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Professor emeritus at the U.S. Naval Academy
No. From the first full day of his presidency, Lincoln’s policy was to prevent a war with the seceded states, not to start one. He believed that many Southerners in those states, perhaps even a majority, had been stampeded into secession by the heat of the moment, and that a policy of firmness and restraint might allow time for cooler heads to prevail.
His decision to resupply Fort Sumter was a pragmatic one. Maj. Robert Anderson had reported that he could not feed his dependents beyond April 15, and Lincoln, in an obvious reference to that fort, had pledged in his inaugural address to “hold, occupy, and possess” government property in the seceded States. Lincoln notified South Carolina’s governor, Francis Pickens, of the resupply effort because Secretary of State William H. Seward had promised (on his own authority) that the government would not reinforce Fort Sumter without prior notification.
It is impossible to know exactly what Lincoln thought such a notification would achieve. It is tempting after the fact to conclude that this was Lincoln’s masterstroke — a deliberate ploy to compel the rebel leaders to make a belligerent decision and thereby shoulder the burden of having starting hostilities. To be sure, Lincoln’s note to Pickens might provoke the secessionists to act and, in acting, propel the nation into war. But Lincoln could not count on such a response. More likely, the new president was uncertain what the Southern reaction would be and, as a new president facing an unprecedented crisis, was simply feeling his way. If the supplies could be safely delivered without incident, it would at least prolong the crisis and allow more time to find a peaceful solution. If local authorities resisted, it would cast the secessionists in the role of aggressors. Either way, it was better than letting Anderson’s men starve or abjectly withdrawing them from their post under threat.
So Lincoln sent the relief expedition on its way and notified Pickens that it was en route.In doing so, he put the ball in his opponents’ court and left the decision in their hands. Pickens kicked the decision upstairs, and in the end, it was Confederate President Jefferson Davis who decided to open fire on the fort before the resupply vessels could arrive. He did so mainly because he feared looking weak more than he feared civil war. It was a disastrous decision.
Chief Historian at Harpers Ferry National Historical Park
The provocation of civil war came with Lincoln’s election, not Lincoln’s selection.
South Carolina seceded because the North acceded to Republican rule — perceived as abolitionist domination — in the election of 1860. War commenced with secession, not Sumter.
The Lincoln Doctrine was established in the first minutes of Lincoln’s presidency. “[N]o state, upon its own mere motion, can lawfully get out of the Union,” Lincoln decreed in his first inaugural address on March 4, 1861. “[R]esolves and ordinances to that effect are legally void.” Part II of the doctrine did not equivocate. “Acts of violence, within any State or States, against the authority of the United States, are insurrectionary or revolutionary.” Part III declared Lincoln’s constitutional duty. “The power confided to me, will be used to hold, occupy, and possess the property, and places belonging to the government.”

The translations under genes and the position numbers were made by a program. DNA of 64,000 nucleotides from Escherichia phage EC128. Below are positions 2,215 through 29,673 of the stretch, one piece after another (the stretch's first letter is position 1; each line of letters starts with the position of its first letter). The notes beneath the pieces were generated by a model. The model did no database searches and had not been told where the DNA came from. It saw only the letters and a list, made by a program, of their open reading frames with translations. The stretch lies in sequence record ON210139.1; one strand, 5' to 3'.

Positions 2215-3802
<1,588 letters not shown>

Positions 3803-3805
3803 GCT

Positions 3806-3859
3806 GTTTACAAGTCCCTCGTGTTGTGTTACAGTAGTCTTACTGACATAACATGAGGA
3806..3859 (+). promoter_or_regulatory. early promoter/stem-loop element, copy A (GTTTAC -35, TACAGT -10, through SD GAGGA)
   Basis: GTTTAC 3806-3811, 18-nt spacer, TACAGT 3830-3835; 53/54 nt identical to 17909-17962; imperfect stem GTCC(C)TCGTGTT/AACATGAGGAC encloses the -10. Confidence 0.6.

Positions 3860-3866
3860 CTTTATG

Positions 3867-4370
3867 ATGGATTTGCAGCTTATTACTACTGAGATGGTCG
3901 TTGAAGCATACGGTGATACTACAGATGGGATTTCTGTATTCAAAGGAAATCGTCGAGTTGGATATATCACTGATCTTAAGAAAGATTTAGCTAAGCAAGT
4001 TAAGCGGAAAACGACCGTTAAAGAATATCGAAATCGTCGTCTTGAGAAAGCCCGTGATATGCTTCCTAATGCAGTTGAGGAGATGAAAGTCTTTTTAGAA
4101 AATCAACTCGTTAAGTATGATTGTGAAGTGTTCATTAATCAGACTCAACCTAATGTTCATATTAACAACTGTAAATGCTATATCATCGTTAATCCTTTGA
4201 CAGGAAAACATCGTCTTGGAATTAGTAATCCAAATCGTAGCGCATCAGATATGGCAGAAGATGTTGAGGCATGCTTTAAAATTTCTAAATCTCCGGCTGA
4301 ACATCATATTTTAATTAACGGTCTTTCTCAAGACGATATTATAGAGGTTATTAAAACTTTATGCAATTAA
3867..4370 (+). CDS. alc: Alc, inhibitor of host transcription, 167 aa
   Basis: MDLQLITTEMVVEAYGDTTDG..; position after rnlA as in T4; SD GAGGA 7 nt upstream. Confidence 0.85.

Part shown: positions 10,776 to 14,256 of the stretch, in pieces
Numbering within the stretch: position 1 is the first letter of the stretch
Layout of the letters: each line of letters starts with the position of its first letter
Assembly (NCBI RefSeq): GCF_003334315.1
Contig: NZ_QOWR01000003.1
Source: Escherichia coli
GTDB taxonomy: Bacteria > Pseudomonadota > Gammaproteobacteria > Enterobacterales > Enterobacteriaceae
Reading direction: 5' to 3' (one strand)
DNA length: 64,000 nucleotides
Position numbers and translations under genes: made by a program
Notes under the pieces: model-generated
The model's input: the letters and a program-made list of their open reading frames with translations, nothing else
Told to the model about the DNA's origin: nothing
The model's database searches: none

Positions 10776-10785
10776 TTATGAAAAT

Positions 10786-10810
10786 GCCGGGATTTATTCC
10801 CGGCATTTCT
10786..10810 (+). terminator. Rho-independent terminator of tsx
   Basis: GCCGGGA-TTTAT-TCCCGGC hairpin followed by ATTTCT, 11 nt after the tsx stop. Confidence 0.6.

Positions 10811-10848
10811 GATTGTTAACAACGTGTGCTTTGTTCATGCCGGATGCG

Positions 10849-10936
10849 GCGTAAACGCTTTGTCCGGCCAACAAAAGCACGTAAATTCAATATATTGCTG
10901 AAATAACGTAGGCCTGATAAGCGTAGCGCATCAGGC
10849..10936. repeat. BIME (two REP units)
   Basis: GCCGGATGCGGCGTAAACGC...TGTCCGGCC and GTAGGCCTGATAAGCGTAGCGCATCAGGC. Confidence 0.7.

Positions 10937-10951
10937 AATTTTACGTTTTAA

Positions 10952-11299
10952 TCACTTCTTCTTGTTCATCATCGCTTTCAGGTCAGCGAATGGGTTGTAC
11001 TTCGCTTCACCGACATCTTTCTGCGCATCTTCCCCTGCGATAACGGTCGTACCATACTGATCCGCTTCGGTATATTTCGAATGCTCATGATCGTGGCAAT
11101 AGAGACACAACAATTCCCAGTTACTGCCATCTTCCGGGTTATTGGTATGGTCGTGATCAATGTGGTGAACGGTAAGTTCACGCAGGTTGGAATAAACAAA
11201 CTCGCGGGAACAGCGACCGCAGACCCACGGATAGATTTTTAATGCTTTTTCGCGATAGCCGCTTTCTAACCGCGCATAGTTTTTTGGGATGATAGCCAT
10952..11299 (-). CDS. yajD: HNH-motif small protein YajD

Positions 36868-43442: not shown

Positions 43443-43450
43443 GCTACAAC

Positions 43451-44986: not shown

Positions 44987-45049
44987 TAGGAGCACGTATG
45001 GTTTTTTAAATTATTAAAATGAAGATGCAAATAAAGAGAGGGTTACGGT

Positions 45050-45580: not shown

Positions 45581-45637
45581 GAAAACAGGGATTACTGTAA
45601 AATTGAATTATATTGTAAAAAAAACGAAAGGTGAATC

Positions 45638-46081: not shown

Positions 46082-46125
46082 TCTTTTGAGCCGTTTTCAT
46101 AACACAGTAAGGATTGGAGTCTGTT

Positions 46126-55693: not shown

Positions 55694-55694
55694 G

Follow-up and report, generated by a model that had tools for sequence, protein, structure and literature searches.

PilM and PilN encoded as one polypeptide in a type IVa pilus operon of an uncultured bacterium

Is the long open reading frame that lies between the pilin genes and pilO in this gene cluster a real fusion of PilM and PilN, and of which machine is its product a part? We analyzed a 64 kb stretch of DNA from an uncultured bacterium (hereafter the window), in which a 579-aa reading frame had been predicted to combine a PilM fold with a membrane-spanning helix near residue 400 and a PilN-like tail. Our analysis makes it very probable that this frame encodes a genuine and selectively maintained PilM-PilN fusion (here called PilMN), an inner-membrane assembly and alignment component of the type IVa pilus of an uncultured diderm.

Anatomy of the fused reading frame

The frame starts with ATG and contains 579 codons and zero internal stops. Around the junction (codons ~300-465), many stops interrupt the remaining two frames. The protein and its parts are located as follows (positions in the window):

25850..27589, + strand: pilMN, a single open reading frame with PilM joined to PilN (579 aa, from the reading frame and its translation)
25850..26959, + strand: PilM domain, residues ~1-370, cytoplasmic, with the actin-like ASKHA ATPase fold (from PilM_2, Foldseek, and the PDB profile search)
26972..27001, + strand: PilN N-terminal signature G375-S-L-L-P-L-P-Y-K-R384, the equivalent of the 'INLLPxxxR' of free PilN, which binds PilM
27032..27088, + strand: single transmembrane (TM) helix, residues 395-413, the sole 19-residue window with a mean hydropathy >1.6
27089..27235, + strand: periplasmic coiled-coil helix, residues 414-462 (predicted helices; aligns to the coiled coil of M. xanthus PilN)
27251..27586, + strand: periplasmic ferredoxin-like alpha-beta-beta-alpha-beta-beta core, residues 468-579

Five weeks passed between Lincoln’s inauguration and Fort Sumter. Lincoln did not hedge on a single word in his Lincoln Doctrine during that interval. Did he, then, conspire to provoke war in Charleston? Secession, by Lincoln’s judgment, was the original provocation.
Lincoln approached conflict with secessionists with his lawyer’s logic. He was a literalist, a pragmatist, and a realist.
Lincoln literally explained his position in his first inaugural address. “I hold, that in contemplation of universal law, and of the Constitution, the Union of these States is perpetual.” Lincoln never vacillated, never wavered, never compromised on this principle. For Lincoln, the principle of union superseded peace. The Confederate government refused to accept Lincoln’s literalism. The secessionists felt rebuffed because Lincoln accepted no compromise. Compromise, for Lincoln, was tantamount to surrender to secession.
Lincoln followed a pragmatic — not emotional — approach to Fort Sumter. He deemed it U.S. property. He would not yield it to secessionists. The fort’s garrison needed provisions. He ordered it resupplied. He informed the governor of South Carolina that supplies were en route, ensuring no surprise or secrecy. Lincoln’s penchant for pragmatism boiled the blood of the Confederates. Lincoln was centered on purpose; concise in mission; and consistent with conviction.
Lincoln understood the reality of his pragmatism, and the possible — and even probable — response. His predecessor, President James Buchanan, had attempted resupply of Sumter three months earlier, and the secessionists promptly fired on the vessel. Lincoln adopted Buchanan’s course. It was not radical but reasonable. Lincoln anticipated the same reaction. Does this constitute purposeful provocation?
Lincoln protagonists muse that he devised a brilliant scheme to force the South to fire the first shots of war at Sumter. Lincoln antagonists claim he created a diabolical conspiracy to make the South the aggressor.